Canadian Interiors


Feature

Sleep on it

Opus Hotel Montreal opted out of an overnight transformation, in favour of a slowly evolving design.


It’s been nearly two years since Opus Hotel Montreal began the transformation from its former incarnation as the Hotel Godin. Trilogy Properties, the owner of Opus Vancouver, purchased the Godin in 2007, with plans to turn it into a sister property to the West Coast boutique hotel. Having already established strong branding in the initial Vancouver location, with the help of local designer Robert Bailey, Opus Montreal would need to get the company stamp as well. But instead of shutting down to perform a massive renovation, the design has been allowed to evolve slowly and steadily since the purchase.

The Godin’s interior was done only a few years prior to the sale, by Yabu Pushelburg, and a total redesign would not have been economically or environmentally responsible. Nor was it truly necessary, says Bailey, who was brought in to give the new location a look that would blend with the original.

The Opus update started with paint. Bailey had developed a concept in the Vancouver location referred to as “lifestyle concierge,” which can match guests to one of five personalities, each of which corresponds to a different room theme. The suites have each been painted in one of five colours: red (Billy), orangey-yellow (Pierre), electric green (Mike), purply-blue (Susan) or grey (Dede). The rooms also incorporate artwork chosen to appeal to the invented personalities, and the hotel can even recommend appropriate restaurants, activities and amenities for each. The colours will be updated again in the near future and the furniture, which mostly remained from the YP design, will be replaced as well.

The existing public areas, like the lobby and corridors, have been left as they were. But there was one space missing from the Godin, that would make Opus Montreal the destination it was envisioned to be: a restaurant. Rumor has it that the Godin’s demise was due to its inability to procure a liquor license. As a result of that difficulty, the large space that occupies much of the street level of the original building had remained empty. Opus has brought this space to life with Koko Restaurant + Bar.

Koko opened just a little more than a year after the Opus takeover, and after nearly a year had the benefit of some design tweaking to perfect the look and atmosphere. The restaurant was intended to be a destination not only for hotel patrons, but also for locals, thus giving guests a taste of the city and its nightlife without even leaving the hotel. Bailey’s design delivers the same, exemplifying a fun yet sophisticated look that is very much Montreal.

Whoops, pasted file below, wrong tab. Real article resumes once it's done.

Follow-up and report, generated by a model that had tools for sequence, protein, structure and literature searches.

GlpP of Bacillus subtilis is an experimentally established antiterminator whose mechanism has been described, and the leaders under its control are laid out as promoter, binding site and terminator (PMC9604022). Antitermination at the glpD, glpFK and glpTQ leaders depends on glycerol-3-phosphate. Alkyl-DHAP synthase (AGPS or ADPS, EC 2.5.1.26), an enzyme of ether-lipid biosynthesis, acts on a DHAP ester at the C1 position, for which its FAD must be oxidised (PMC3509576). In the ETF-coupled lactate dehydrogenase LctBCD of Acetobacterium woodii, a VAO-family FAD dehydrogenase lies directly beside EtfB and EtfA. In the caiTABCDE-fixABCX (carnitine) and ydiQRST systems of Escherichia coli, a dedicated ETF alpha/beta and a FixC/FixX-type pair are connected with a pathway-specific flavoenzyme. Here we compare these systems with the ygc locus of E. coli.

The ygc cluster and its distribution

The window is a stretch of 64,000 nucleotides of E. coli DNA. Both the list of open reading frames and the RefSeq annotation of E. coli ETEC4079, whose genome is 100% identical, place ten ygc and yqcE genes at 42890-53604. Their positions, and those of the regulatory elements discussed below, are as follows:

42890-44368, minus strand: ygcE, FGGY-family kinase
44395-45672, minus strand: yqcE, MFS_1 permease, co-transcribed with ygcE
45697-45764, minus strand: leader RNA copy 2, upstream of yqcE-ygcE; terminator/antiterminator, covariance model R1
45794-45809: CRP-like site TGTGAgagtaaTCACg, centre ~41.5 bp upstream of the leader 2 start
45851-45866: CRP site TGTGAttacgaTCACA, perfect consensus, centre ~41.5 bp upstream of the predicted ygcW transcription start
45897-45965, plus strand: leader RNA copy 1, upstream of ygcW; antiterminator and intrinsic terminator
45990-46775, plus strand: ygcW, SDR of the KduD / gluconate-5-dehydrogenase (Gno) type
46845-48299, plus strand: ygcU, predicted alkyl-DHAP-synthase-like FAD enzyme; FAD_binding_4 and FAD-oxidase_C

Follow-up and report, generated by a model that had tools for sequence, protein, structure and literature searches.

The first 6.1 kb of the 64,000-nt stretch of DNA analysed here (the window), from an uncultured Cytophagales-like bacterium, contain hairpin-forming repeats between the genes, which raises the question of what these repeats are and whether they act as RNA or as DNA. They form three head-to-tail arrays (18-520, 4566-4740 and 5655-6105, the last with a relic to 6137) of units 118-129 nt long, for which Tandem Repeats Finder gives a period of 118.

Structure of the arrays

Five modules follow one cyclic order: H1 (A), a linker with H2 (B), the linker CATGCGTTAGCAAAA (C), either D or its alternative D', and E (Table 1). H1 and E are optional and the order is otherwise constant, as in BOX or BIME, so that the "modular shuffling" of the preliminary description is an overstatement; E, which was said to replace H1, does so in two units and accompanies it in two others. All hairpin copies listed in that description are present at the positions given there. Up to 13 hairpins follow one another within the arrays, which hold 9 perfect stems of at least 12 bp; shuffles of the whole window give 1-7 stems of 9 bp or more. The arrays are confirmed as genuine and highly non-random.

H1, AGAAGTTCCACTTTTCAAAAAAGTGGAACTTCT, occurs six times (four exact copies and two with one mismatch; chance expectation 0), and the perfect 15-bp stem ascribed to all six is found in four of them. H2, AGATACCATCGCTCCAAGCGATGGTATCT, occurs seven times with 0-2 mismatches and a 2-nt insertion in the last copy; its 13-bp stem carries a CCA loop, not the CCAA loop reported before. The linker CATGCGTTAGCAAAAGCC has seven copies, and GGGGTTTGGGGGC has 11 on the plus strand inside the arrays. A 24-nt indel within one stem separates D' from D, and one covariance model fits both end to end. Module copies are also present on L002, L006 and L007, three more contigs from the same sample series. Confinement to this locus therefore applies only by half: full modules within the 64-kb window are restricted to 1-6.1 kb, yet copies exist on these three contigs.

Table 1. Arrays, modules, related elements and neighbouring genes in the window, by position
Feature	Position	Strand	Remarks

The design was influenced by Coco Chanel (hence the name), with a colour scheme that is primarily black and white, with bright green accents, metallic touches and lots of pattern. The restaurant spans a large area that crosses from the new building to the old (built in 1914 by Joseph-Arthur Godin, for whom the hotel was previously named) and outside, to an impressive 2,000-square-foot terrasse (the biggest in the city).

The original concept for Koko was more bar-focused, but the food aspect became more important as planning progressed. The final result seamlessly makes the transition between restaurant and nightclub, even managing to balance both functions mid-evening. Not surprising, given that the original design premise for the building focussed on playing with the idea of night and day, a concept that Bailey noticed had accidently continued with the addition: “We had two spaces, one tall and open [in the new section] that felt like day, and one low and dark [the heritage part of the building]. That gave us the idea to stick to black and white.”

Amidst the glamour of the space, there are fun little design surprises, such as the Phillipe Starck — designed Attila gnome table. “It’s hard to accessorize in a space like that; it makes it human scale,” Bailey says. Perhaps the most memorable accessory is the Moooi horse lamp that graces the restaurant’s outside entrance, where Bailey wanted “something really strong.” The slightly absurd, light-heartedness of this piece fit the bill perfectly and certainly makes an impression on those entering Koko from the lively Sherbrooke and Saint-Laurent corner, or leaving the hotel for a night on the town. CI


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